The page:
Shin Buddhism vs Nichiren Shōshū

Whether you're exploring Buddhism for the first time or you're already on the path, feel free to ask questions of any kind here.

Shin Buddhism vs Nichiren Shōshū

Postby Kyosuke » Wed Jan 29, 2014 1:56 pm

I'm new here and just starting to explore Buddhism so I'm sure this might come off as a dumb question but what are the differences between Jōdo Shinshū vs Nichiren Shōshū. I have both temples near me. What would be for someone not sure where to begin?
Kyosuke
 
Posts: 2
Joined: Wed Jan 29, 2014 3:19 am

Re: Shin Buddhism vs Nichiren Shōshū

Postby dude » Thu Jan 30, 2014 12:41 am

Go to both and ask a lot of questions.
These two schools have been opposed to each other for a very long time.
dude
 
Posts: 552
Joined: Tue Jan 01, 2013 3:38 am

Re: Shin Buddhism vs Nichiren Shōshū

Postby kirtu » Thu Jan 30, 2014 2:03 am

I was hoping that rory or others would respond to this ...

Jodo Shu is a Japanese Pure Land school. The focus is gratitude for Amida Buddha (Amitabha) fullfilling his vows and creating method whereby foolish beings in our age can be reborn in Amida's Pure Land and attain enlightenment there.

Nichiren Buddhism focuses on practice based on the Lotus Sutra.

Both schools began from founders who left Mt. Hiei and Tendai Buddhism in the Kamakura period of Japanese history. During this period, people in Japan were looking for a single (simple) method of practice. This framed all the Japanese schools that descend from Tendai Buddhism including most Zen schools.

Kirt
Kirt's Tibetan Translation Notes

"Only you can make your mind beautiful."
HH Chetsang Rinpoche
User avatar
kirtu
Former staff member
 
Posts: 4460
Joined: Mon Jan 18, 2010 5:29 pm
Location: Baltimore, MD

Re: Shin Buddhism vs Nichiren Shōshū

Postby rory » Thu Jan 30, 2014 4:46 am

Sorry I was busy. Okay to boil it down the big divide is between self-power jiriki and other-power tariki. Jodo Shinshu is all about tariki and the saving power of Amida Buddha. As a helpless human with afflictions it's impossible for you to attain enlightenment without Amida and his vow. You chant nenbutsu out of gratitude.

Nichiren is jiriki as you chant the powerful Odaimoku to achieve enlightenment. Nichiren Shoshu additionally relies on hongaku theory (you are originally a buddha) and belives Nichiren replaced Shakyamuni as the Buddha.
I've practiced both , I remain firmly in the Tendai-NIchiren camp.

hope that's helpful
gassho
Rory
Dharani of Amoghapasa Avalokitesvara:

Om amogha-padma-pasa-krodhakarsaya praveshaya maha-pashupati-yama-varuna-kuvera
brahma-vesa-dhara padma-kula-samayan hum hum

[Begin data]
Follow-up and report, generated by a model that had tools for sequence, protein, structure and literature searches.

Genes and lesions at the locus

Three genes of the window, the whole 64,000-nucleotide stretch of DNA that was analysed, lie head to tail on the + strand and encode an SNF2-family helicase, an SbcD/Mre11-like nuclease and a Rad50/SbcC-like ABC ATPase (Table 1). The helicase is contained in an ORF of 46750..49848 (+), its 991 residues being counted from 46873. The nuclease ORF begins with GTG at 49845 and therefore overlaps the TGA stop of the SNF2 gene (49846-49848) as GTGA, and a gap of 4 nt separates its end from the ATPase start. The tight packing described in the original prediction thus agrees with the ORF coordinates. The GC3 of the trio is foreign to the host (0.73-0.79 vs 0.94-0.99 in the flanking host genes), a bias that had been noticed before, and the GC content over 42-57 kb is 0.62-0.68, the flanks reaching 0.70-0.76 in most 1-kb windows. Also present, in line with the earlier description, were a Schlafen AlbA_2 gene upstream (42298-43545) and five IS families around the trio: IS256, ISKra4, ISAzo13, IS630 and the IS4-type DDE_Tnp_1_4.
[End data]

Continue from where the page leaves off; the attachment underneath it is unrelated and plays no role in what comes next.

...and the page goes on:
heart mantra: Om amogha vijaya hum phat
User avatar
rory
 
Posts: 694
Joined: Mon May 16, 2011 8:08 am
Location: SouthEast USA

Re: Shin Buddhism vs Nichiren Shōshū

Postby PorkChop » Thu Jan 30, 2014 6:00 pm

I actually have a different understanding of the Jōdo Shinshū teachings of Bombu (deluded being) and the concept of Tariki (power other than self), as I was just telling someone else recently. I'm not sure where in the presentation this is getting confused - whether locally, or a misinterpretation of the texts, but the teachings of one's Bombu nature are not to be taken as an apriori belief. You should not be trying to convince yourself that you are a Bombu and that you are powerless. The concept of Mappō (Dharma-ending age) is also not an apriori belief. The idea of Bombu is to take a hard, honest look at the motivations behind your thoughts, words, and actions to see whether or not those motivations are tainted by greed & anger. Interestingly, I've heard of Zen people coming to this same conclusion after years of practice. The idea behind Mappō is to take a serious inventory of one's capacities for practice and see if they are any where near those sages of old, to see where one's karma has led up to this point and if it's such that it's conducive for practice. Realizing that your motivations are tainted and your capacities for practice are limited, the next step logically, is to realize that embracing tainted motivations will never make one free of taints. Rather, embracing tainted self-power (Jiriki) will reify the tainted self. At this point, knowing the self to be tainted, you rely on "power other than self" (Tariki). This is in line with Zen master Dogen's words in the Genjokoan: "To study the Way is to study the Self. To study the Self is to forget the self. To forget the self is to be enlightened by all things of the universe. To be enlightened by all things of the universe is to cast off the body and mind of the self as well as those of others. Even the traces of enlightenment are wiped out, and life with traceless enlightenment goes on forever and ever." Aside from this brutal self-evaluation to root out one's motivations and the reliance on power-other-than-self, Jōdo Shinshū followers engage in deep listening (to see the workings of great compassion in one's life) and cultivate feelings of gratitude for the supporting causes & conditions in one's life. However, Jōdo Shinshū does not refer to these activities as "practice", as the work has already been done (again, echoes of the doctrines of other schools such as "practice of no practice" or "practice without grasping", and the Tendai doctrine of Original Enlightenment).